The reaction of Russian experts to the pardon, who like Lukashenko described protests against the authoritarian leader’s re-election as a Western ploy, inadvertently confirmed the pressure tactics law enforcement used against the dissident, said supporters of Protasevich.

“Protasevich was pardoned because he betrayed everyone, including his wife, humbled himself exactly to the extent he was ordered to, didn’t make a fuss and was generally like a rabbit,” Margarita Simonyan, Russia’s top TV propagandist, wrote in her blog. . “Thus demonstrating to the outside world the true face of any leader of any color revolution – the face of a scary cat.”

Russian President Vladimir Putin has thrown his weight behind Lukashenko in 2020 by offering to send riot police and providing a $1.5 billion loan to a beleaguered ally weeks after mass protests. Russian support has helped Lukashenko regain control, but being beholden to the Kremlin has weakened his position in the long-drawn-out negotiations over deeper integration with Moscow, where Lukashenko strikes a delicate balance to maintain a veneer of independence without alienating Putin.

Since the start of the war in Ukraine, Belarus has allowed Russian forces to use its territory as a base for attacks, and the two leaders meet frequently, most recently at Victory Day celebrations on May 9 in Moscow. On Monday, Lukashenko announced bilateral talks with Putin later this week to “resolve issues that shouldn’t be in our relations at all.”

“As the government reports to me, well, there are almost no problems [in relations with the Russian Federation]. I hardly believe it. I see from the situation that there are still problems, inconsistencies. Sometimes there is bureaucracy,” Lukashenko said during a meeting with his ambassador to Russia.

On Monday, Eduard Babaryka, the son of former presidential candidate Viktar Babaryka, stood trial in Minsk while the fate of his father, who was sentenced to 14 years in prison in 2021 on charges he dismissed as politically motivated, remains unknown. Their cases are among thousands of cases brought against Belarusian protesters and activists since 2020, according to rights group Viasna.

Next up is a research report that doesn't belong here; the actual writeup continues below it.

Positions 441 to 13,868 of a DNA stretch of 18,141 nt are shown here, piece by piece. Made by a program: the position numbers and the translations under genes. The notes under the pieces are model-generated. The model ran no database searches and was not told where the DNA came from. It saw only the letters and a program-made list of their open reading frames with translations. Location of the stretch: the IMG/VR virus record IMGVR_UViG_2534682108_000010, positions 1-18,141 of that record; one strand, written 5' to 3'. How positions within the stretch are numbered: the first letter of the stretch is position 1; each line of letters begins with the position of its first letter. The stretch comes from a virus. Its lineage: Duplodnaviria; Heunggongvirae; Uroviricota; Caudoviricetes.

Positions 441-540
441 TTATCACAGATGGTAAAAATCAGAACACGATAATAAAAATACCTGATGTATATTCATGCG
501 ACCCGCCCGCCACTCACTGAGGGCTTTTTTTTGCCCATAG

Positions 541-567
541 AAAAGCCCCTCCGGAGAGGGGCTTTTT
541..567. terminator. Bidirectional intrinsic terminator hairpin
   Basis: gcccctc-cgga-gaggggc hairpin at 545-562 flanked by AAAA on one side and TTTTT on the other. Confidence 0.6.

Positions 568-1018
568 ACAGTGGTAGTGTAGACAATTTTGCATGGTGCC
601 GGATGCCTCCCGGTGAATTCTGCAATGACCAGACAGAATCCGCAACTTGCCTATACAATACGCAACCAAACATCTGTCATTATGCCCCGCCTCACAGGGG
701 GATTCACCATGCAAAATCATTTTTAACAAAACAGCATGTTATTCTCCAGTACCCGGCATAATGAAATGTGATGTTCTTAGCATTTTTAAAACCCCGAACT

“[Protasevich’s case] is a sad human story,” Belarusian journalist Anton Orekh wrote on his Telegram blog. “While some people in Belarus are sentenced to hell and rot in prison, he was pardoned. But it’s hard to blame someone for not becoming a hero if you weren’t in their shoes. And there is no desire to be in his place.

A year of Russian war in Ukraine

Portraits from Ukraine: Every Ukrainian’s life has changed since Russia launched its full-scale invasion a year ago – in ways both big and small. They learned to survive and help each other in dire circumstances, in bomb shelters and hospitals, destroyed apartment complexes and crumbling markets. Scroll through portraits of Ukrainians reflecting on a year of loss, resilience and fear.

Battle of Attrition: Over the past year, the war has evolved from a multi-pronged invasion that included kyiv in the north to an attrition conflict largely concentrated over a swath of territory to the east and south. Follow the 600 mile front line between Ukrainian and Russian forces and see where the fighting has been concentrated.

One year of separate life: The invasion of Russia, coupled with Ukrainian martial law preventing men of military age from leaving the country, has forced millions of Ukrainian families to make agonizing decisions about how to balance safety, duty and love, once intertwined lives have become unrecognizable. This is what a train station full of farewells looked like last year.

Deepening global divides: President Biden has trumpeted the reinvigorated Western alliance forged during the war as a “global coalition,” but closer examination suggests the world is far from united on the issues raised by the war in Ukraine. Evidence abounds that the effort to isolate Putin has failed and that sanctions have not stopped Russia, thanks to its oil and gas exports.